A big green blotch in Rymill Park pond

Green bloom on Rymill Park pond

Green bloom on Rymill Park pond

All images courtesy of Robert Baldock, Honorary Research Associate at the State Herbarium of South Australia.

There’s been some concern this week about the large, bright green bloom in the pond in Rymill Park – some fear it might be toxic, either to the ducks which frequent the pond, or to humans.

But rest easy – Professor Michelle Waycott, Chief Botanist of the State Herbarium of South Australia, has people on the job. Staff went to Rymill Park, took samples to analyse, and found the bloom contained nothing worse than two species of duckweed and one harmless green algae.

Ducks on Rymill Park pond

Ducks on Rymill Park pond

One of the duckweed species, from the genus Wolffia (Wolffia Australiana), is the smallest flowering plant on earth. Lemna, the ‘larger’ one, is still less than 2 mm in diameter when mature.

These plants also provide food for the birds, so Professor Waycott suggests that there will be a fair bit of waterbird activity around the pond in the next few weeks, as the birds descend on a waterborne buffet.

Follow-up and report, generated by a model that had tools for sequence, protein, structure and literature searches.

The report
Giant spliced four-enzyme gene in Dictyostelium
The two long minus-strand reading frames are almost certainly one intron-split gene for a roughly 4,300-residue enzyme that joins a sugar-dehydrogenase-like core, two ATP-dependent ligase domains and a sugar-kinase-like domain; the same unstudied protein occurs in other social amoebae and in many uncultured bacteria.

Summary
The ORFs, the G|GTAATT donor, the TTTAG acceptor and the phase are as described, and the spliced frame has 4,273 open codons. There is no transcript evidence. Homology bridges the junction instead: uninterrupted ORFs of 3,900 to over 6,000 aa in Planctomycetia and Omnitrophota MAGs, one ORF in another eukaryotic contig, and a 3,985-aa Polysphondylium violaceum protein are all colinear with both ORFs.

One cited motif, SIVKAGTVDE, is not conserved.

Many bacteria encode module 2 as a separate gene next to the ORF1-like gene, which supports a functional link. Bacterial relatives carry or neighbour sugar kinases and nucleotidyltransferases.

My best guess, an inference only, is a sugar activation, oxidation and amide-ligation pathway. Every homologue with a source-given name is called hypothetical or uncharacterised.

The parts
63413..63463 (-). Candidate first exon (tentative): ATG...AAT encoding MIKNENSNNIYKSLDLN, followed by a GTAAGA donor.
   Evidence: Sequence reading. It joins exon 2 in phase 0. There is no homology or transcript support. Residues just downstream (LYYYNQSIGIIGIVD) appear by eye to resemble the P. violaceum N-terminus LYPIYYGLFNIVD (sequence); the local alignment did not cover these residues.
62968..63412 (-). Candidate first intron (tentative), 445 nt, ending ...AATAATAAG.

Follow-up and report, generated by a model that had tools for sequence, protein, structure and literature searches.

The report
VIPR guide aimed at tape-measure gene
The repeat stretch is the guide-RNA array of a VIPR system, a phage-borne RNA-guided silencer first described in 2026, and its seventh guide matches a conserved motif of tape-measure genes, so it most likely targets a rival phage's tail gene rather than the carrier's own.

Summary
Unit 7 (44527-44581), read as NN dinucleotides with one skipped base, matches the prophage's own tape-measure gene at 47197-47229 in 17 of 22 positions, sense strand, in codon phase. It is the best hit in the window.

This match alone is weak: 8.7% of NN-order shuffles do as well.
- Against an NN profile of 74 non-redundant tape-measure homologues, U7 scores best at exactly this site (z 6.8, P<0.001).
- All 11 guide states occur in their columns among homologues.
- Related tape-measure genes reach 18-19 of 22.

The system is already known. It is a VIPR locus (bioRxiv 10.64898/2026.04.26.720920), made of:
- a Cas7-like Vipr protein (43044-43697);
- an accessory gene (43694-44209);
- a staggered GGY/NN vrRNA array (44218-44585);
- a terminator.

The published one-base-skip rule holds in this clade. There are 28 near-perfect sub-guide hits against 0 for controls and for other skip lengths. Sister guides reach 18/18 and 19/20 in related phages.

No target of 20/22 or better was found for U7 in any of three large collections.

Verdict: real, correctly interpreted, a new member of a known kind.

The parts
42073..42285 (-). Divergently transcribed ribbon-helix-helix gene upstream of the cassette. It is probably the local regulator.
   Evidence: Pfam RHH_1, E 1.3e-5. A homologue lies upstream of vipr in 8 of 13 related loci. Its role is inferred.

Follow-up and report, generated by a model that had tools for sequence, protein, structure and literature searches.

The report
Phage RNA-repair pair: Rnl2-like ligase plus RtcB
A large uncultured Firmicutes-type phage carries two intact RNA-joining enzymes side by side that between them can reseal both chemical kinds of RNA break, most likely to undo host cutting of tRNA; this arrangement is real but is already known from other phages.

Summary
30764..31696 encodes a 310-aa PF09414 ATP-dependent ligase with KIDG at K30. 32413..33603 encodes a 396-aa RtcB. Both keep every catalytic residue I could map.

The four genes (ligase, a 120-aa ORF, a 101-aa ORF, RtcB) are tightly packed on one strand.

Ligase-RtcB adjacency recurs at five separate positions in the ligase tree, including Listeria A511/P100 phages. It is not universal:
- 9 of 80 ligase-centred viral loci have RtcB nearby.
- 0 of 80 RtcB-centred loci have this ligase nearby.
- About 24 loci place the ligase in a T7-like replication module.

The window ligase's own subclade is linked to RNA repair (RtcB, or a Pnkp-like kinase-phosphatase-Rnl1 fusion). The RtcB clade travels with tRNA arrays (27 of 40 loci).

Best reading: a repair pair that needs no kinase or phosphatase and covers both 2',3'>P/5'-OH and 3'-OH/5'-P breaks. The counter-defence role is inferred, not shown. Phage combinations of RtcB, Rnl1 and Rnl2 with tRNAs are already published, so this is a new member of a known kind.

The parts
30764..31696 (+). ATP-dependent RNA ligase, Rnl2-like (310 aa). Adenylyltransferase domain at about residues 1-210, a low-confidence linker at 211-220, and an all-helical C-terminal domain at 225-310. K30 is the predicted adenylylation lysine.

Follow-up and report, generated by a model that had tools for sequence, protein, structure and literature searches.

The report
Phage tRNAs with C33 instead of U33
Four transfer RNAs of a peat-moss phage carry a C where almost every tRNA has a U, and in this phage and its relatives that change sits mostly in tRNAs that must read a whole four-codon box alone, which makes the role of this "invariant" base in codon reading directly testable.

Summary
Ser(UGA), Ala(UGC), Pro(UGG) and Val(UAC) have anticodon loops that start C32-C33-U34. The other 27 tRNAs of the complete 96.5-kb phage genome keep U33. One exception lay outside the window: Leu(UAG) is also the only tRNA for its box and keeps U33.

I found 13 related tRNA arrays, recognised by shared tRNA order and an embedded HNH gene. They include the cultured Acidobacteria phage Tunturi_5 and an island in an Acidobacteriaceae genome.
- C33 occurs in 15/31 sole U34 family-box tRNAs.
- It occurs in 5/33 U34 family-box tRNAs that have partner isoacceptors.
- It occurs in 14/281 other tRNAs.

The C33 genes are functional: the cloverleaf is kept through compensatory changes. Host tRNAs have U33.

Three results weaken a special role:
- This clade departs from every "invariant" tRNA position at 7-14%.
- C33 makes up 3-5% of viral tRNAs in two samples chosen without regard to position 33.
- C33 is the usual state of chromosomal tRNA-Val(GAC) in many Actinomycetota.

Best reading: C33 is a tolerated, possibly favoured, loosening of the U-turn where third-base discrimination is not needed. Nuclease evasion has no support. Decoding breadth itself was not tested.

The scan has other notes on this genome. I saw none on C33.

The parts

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2 Responses to A big green blotch in Rymill Park pond

  1. Pam Birchall says:

    Hello Alison, I really like this story; I’m still getting ’round to having my internet re-installed so can’t open the pictures etc. but I’ll have a lovely time when I can. Love your emails, Thanks heaps, Pam………………..

    • Alison Jobling says:

      Thanks for the comment, Pam, and I’m glad to hear you’re reading the blog. Pity you can’t see all the pictures, but when your internet is up again you’ll have some fun – there have been some great pics over the last few weeks. :-)

      Cheers,
      Alison

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